• The mission of the Pet Lifeline Program is to help provide financial assistance to pet owners who are struggling to cover their pet's veterinary bills. The program is exclusively for non-basic, non-urgent care cases only. Go to the Pet News Daily website for more details.

Listings of state-specific programs



  • Animal Aid Network's SAVE fund provides assistance for medical emergencies in the Valley Verde area. People are required to sign a contract stating they will pay back the money so that treatment for other animals can be funded. Funds must be approved prior to treatment.


California: Los Angeles area

  • Actors and Others for Animals is a Southern California community-based organization serving the greater Los Angeles area. Among other services, the organization provides financial assistance for emergency medical procedures for those of limited income. Call 818-755-6045.
  • Mercy Crusade in Oxnard offers low-cost veterinary exams. Call 818-597-2926.
  • Holiday Humane Society is a private hospital that offers some of the lowest-cost services in Los Angeles. They cover basic procedures only. Call 818-765-8196.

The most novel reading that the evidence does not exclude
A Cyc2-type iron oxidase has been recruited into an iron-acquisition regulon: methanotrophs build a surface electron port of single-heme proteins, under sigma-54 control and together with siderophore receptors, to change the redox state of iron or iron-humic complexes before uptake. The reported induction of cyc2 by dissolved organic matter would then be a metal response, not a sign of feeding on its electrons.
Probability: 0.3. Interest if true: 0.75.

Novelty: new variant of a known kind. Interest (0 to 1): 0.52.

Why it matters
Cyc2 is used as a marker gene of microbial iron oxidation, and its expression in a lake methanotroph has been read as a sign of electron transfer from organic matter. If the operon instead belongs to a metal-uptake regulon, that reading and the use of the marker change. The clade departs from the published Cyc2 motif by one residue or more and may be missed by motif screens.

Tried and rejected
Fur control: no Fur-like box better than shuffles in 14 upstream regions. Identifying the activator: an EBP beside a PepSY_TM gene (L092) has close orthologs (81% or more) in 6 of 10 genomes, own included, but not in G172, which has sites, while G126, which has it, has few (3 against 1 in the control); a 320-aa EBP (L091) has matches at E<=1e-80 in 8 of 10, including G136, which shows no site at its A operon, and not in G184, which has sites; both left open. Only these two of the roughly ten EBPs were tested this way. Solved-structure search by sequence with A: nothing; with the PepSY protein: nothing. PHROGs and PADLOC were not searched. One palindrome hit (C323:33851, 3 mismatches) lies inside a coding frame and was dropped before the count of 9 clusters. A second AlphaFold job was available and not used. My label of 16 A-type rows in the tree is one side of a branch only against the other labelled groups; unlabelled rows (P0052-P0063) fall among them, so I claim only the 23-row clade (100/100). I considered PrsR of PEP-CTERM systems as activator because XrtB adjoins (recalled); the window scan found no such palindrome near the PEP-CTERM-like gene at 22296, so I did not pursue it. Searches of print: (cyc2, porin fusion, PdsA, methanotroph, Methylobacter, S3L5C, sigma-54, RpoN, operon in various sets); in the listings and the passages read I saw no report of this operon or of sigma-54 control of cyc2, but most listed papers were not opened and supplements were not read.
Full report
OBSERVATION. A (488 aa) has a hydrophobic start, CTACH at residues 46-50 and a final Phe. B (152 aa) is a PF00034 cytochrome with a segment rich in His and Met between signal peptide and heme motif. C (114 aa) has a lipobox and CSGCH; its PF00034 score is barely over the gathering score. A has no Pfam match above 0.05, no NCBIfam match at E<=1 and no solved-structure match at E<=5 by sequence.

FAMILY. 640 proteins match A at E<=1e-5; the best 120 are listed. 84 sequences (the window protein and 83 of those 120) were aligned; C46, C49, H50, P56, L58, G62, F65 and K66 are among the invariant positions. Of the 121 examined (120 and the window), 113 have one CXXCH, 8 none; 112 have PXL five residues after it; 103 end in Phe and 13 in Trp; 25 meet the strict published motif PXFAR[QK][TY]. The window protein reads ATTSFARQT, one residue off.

• Pet Orphans offers a program for individual rescuers that helps primarily with spay/neuter, vaccinations and adoption events. They also have a Good Samaritan Fund to assist with medical emergencies, as funds are available.
  • The Sam Simon Foundation provides low-cost or free non-orthopedic surgeries to low-income residents of Los Angeles.
  • Voice for the Animals Foundation Helping Friends Program helps seniors and people with disabilities, terminal illnesses or fixed incomes to take care of their pets.

Brown pit-bull-terrier-type dog with upright ears being petted on the head by a person

California: Other areas


  • Boulder Valley: The Humane Society of the Boulder Valley's CARE program provides medical care and spay/neuter surgeries at a discount to low-income clients. Call 303-442-4030, ext 680.
  • Colorado Springs: Harley's Hope Foundation provides financial assistance with major/emergency/specialty veterinary care, financial assistance with behavioral training, short-term for care for animals living with temporarily incapacitated pet parents, and other services.




  • Chicago: The Anti-Cruelty Society provides veterinary services to low-income pet owners in the Chicago area.
  • Spay Illinois has a program called Project Families Forever that provides sliding-scale coverage for spay and neuter surgery, preventive care and, in some cases, emergency care.